You can reap great rewards with wildlife photography, but you must be willing to put in significant behind the scenes work to get the perfect shot. Here are some tips to help you along the way:
1. Snap away
When photographing wildlife, the more photos you take, the better. Don’t check to see if you got that perfect angle after each photo you take because you might be missing the best shot yet! It’s almost impossible to judge the subtler movements of an animal (such as eye, paw and shoulder position), much less the larger movements. As a result, you could wait hours for an animal to move in a certain position only for him to move again a split second later. Generally, if only one in a dozen of your landscape shots was to your liking, then you’ll probably like only one in several hundred shots of your wildlife shots. Needless to say, come prepared for an intense photography session with extra memory cards and batteries.
2. It’s all in the eyes
Of course, you would love to have an animal to look directly at your camera lens, but wildlife doesn’t always cooperate. Instead, ensure that the eyes of the animal are in focus. While the capabilities of cameras have grown so that you can now zoom in on the smallest of details, viewers are still drawn first to an animal’s eyes. If they are out of focus, the chance that the viewer will connect with the animal—and by extension your photograph—are slim. Adding a small amount of fill light to a flash (1.5 or more notches below the suggested fill flash exposure) will produce a sparkle in an animal’s eyes to further attract your viewer.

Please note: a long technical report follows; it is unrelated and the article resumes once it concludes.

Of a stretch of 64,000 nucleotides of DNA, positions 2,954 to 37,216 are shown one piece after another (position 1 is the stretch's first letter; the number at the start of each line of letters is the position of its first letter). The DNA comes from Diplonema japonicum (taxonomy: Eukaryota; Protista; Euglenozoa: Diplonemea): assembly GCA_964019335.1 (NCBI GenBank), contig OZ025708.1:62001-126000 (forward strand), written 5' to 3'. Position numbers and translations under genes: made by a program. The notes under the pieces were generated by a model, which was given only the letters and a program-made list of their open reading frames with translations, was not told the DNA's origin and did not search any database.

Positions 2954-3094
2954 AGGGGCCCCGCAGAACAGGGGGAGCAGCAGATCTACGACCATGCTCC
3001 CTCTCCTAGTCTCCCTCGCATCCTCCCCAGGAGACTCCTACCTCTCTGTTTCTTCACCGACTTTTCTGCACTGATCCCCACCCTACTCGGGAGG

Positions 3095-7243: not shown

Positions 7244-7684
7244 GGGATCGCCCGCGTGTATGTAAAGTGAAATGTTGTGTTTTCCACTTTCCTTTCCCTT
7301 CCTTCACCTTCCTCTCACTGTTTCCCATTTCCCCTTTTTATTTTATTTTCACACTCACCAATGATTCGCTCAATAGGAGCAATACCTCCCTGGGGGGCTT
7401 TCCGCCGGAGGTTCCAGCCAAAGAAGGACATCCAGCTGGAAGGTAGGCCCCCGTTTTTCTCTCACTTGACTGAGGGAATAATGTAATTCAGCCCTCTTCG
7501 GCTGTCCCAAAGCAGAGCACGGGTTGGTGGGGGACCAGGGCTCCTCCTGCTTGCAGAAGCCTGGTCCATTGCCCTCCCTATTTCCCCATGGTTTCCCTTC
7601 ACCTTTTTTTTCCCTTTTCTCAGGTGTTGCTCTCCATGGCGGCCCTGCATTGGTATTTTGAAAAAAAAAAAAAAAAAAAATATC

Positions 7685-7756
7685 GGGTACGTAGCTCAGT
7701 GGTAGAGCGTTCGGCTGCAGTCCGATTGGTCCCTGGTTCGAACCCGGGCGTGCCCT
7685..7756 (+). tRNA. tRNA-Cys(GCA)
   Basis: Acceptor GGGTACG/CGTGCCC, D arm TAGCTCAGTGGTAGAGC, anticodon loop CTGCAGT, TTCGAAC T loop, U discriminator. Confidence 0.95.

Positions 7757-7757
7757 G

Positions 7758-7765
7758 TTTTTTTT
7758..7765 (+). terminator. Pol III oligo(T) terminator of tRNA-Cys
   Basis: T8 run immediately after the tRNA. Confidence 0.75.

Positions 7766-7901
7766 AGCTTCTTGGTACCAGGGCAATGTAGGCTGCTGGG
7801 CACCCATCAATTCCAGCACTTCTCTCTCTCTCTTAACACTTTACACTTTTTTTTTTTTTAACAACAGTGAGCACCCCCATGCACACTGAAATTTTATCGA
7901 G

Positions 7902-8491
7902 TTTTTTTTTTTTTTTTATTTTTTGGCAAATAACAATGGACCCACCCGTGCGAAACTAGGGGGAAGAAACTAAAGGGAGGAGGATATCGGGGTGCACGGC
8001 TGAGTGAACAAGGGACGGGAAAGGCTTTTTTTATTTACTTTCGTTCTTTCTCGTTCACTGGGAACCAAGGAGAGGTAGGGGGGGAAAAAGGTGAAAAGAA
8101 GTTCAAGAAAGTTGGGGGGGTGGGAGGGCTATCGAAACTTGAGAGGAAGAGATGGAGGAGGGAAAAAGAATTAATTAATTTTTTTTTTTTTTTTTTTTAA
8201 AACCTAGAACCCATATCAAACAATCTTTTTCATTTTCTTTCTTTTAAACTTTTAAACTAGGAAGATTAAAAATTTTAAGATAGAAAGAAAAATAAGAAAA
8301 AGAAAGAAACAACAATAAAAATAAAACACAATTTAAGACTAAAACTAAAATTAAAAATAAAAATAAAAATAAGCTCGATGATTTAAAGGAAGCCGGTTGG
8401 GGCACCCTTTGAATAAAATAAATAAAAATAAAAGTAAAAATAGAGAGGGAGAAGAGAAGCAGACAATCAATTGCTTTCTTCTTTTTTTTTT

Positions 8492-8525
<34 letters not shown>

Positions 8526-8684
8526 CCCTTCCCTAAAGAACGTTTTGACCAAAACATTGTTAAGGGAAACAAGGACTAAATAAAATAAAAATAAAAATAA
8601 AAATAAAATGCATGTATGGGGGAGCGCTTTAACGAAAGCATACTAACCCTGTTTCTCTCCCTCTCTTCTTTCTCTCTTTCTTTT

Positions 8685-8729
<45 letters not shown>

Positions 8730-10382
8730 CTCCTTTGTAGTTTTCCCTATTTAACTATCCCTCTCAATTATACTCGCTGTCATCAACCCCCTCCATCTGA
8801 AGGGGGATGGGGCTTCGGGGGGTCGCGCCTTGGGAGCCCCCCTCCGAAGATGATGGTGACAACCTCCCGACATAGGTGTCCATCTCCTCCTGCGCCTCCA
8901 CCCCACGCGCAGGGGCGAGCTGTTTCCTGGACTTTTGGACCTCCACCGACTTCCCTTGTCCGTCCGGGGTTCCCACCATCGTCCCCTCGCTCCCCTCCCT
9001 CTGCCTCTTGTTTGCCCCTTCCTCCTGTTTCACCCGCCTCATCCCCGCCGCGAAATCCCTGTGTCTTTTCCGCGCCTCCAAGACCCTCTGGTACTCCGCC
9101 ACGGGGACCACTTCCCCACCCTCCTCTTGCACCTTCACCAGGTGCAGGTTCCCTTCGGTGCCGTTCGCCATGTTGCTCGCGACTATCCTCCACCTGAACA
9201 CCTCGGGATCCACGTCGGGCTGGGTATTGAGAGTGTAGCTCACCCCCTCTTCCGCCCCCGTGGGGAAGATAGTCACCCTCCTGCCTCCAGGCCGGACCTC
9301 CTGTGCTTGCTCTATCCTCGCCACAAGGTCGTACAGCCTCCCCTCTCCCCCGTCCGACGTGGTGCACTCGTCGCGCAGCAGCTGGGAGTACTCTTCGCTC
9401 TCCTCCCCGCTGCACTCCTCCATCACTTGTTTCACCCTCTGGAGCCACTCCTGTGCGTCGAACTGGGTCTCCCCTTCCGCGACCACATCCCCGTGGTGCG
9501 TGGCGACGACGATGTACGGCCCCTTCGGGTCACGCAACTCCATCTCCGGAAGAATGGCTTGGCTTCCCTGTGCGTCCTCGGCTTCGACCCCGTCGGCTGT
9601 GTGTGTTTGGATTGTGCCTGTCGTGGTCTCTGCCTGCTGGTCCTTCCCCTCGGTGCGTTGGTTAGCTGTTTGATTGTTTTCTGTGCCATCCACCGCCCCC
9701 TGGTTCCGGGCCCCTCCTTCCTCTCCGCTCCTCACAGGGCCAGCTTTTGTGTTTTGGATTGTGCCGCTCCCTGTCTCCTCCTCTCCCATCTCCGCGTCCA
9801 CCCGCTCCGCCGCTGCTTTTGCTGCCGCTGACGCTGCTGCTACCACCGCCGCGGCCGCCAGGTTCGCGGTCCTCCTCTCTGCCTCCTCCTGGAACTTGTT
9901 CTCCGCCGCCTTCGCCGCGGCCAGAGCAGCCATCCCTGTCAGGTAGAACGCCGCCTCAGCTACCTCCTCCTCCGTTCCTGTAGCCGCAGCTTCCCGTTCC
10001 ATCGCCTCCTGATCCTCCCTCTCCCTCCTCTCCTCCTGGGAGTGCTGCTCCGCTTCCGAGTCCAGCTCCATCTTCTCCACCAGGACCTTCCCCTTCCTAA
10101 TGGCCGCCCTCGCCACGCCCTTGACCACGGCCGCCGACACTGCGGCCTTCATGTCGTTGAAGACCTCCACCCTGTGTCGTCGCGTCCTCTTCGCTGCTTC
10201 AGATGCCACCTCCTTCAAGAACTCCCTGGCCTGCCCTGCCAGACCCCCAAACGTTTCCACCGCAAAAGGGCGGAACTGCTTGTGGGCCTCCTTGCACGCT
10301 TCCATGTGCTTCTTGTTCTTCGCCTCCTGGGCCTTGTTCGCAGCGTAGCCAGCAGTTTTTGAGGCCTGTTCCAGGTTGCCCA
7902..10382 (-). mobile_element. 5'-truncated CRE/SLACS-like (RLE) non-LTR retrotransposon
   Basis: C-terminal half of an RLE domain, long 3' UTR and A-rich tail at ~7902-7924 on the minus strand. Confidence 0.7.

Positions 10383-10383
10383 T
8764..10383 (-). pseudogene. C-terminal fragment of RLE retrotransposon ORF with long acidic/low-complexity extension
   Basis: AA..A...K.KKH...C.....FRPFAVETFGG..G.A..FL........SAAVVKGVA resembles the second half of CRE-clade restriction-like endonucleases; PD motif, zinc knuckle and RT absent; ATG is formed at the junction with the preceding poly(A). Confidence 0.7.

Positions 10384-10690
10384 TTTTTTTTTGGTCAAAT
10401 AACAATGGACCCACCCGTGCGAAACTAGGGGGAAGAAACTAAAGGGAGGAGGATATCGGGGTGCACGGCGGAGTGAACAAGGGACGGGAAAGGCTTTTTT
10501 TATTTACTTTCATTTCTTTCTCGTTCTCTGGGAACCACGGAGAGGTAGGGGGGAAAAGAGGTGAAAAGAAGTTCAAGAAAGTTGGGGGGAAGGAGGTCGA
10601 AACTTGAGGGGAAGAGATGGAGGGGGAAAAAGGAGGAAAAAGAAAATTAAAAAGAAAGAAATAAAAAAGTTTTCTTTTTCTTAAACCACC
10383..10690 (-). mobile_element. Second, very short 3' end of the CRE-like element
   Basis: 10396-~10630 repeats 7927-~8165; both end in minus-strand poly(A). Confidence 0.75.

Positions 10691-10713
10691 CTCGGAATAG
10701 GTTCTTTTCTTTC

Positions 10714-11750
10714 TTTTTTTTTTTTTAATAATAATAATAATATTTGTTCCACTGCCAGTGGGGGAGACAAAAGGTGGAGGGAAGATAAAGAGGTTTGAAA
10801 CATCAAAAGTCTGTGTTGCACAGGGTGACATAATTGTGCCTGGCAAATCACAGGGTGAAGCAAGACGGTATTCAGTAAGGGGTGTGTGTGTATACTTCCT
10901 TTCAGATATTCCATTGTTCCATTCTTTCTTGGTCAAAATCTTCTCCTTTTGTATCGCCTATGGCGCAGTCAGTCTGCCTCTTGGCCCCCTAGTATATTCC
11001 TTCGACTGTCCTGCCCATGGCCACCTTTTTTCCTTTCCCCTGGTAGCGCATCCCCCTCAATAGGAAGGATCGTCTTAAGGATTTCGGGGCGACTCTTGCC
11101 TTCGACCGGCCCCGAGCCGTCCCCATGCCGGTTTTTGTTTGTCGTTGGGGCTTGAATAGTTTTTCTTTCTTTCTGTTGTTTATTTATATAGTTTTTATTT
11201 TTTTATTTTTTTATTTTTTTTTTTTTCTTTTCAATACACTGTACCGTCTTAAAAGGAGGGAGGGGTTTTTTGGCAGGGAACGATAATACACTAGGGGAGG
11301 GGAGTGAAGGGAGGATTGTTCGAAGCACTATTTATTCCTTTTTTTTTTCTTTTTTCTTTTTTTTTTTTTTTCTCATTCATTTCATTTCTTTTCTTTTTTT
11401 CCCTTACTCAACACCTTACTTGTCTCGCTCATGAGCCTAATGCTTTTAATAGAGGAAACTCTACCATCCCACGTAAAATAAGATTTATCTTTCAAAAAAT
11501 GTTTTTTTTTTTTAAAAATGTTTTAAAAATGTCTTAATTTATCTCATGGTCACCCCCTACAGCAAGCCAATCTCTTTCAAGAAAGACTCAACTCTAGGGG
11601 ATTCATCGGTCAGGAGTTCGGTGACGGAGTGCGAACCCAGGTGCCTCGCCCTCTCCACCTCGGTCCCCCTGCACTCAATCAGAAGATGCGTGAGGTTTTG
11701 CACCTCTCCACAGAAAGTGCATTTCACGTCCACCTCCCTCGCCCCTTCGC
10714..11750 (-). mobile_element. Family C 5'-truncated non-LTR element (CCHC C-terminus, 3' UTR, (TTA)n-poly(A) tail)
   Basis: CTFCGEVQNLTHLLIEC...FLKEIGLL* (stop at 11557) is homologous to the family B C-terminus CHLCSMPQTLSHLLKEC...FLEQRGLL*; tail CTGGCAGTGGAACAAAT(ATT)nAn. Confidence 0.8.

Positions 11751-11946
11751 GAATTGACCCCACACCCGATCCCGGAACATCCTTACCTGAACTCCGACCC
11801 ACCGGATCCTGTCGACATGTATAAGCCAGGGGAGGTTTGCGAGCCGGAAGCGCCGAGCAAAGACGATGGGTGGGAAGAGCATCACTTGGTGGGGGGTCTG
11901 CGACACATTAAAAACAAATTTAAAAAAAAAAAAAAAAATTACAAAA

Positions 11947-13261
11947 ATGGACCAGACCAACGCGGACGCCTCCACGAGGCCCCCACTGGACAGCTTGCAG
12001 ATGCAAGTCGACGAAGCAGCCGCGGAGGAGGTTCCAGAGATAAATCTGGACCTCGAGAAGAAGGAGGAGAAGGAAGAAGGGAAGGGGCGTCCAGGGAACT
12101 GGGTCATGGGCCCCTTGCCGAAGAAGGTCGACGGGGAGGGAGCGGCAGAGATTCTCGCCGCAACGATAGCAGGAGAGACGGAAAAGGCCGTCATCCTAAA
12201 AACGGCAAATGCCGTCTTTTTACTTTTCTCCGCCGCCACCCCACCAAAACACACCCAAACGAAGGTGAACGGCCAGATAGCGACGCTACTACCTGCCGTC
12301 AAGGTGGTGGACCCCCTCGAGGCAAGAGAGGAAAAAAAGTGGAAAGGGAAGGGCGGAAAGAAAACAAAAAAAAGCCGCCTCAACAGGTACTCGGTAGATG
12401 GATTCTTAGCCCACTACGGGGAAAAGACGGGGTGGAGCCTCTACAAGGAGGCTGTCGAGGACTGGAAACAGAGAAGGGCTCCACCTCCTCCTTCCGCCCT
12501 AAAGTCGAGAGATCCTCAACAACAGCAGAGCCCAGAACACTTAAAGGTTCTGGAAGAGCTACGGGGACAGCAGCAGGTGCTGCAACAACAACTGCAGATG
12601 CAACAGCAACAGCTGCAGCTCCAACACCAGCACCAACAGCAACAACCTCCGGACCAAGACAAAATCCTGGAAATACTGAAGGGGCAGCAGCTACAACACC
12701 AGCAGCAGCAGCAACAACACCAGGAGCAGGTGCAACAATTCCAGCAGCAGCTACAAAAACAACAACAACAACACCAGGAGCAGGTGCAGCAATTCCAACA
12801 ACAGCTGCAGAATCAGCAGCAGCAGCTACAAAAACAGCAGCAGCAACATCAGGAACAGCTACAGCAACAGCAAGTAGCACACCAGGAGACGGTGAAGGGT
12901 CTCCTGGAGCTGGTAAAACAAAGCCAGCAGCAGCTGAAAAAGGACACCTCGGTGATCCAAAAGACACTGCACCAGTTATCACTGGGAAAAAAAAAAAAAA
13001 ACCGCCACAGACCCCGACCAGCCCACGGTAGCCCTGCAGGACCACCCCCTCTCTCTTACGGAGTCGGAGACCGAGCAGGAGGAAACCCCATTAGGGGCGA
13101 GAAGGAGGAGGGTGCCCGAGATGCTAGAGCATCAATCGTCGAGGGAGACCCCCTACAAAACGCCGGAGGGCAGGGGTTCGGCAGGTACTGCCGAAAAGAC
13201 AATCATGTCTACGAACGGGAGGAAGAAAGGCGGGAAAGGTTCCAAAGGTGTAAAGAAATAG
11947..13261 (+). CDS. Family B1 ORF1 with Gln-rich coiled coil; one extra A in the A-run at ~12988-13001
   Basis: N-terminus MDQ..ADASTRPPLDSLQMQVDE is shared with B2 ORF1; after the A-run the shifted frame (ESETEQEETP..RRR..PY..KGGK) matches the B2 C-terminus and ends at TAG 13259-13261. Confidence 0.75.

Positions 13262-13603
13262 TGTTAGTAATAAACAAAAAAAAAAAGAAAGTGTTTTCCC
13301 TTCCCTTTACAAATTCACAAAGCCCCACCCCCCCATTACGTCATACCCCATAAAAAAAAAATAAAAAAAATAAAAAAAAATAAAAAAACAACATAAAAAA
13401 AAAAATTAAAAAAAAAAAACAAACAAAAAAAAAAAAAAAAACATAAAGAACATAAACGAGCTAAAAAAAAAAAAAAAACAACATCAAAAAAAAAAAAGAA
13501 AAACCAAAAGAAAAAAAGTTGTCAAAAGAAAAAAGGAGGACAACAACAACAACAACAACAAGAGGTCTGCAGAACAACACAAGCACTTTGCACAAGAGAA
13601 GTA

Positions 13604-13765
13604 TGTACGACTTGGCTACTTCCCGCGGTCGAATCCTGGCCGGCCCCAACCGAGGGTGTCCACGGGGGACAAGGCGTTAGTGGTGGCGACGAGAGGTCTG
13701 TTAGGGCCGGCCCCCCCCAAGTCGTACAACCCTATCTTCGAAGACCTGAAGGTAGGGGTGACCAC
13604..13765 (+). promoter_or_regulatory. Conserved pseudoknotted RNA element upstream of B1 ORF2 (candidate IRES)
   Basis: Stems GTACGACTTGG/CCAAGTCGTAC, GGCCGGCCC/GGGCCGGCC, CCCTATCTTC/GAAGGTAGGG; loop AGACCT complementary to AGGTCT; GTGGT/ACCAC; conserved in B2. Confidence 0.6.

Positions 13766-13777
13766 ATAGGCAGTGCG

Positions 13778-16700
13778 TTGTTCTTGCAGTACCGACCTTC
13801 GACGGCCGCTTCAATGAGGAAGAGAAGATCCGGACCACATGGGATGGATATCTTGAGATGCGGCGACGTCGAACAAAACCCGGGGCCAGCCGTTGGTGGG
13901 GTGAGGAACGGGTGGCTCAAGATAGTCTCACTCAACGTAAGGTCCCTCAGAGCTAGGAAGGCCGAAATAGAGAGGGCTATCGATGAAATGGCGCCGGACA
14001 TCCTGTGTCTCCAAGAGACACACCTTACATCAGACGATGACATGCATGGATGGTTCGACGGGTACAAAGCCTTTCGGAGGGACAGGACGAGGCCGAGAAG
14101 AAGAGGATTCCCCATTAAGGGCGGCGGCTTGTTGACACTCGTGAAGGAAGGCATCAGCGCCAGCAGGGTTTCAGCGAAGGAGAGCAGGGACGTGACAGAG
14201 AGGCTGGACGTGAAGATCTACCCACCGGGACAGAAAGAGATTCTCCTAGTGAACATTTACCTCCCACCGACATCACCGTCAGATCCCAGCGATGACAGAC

3. Do your homework
Before photographing wildlife, especially larger animals, do some research before hand for the safety of everyone involved (animals included) as well as for the betterment of your images. How far should you stand from the species? Are certain movements indicative of the animal feeling threatened? These are some of the questions you need to ask—and find the answers to—from the safety of a computer. In terms of taking a photo, keep in mind that some animals, birds especially, will flee if you come too close. According to the time of year, you may even capture some animals at obscure times.
4. Give some space
As is the case with human portraiture, attention should be paid to the direction and space of wildlife as it will appear in a printed photograph. As a rule of thumb, photos of moving animals should have significant room in front of the animal (and certainly not in back). Whatever direction the animal is facing, give more space on that side of the composition and if the animal is looking at something interesting, go ahead and show it, otherwise leave it up to the viewer’s imagination.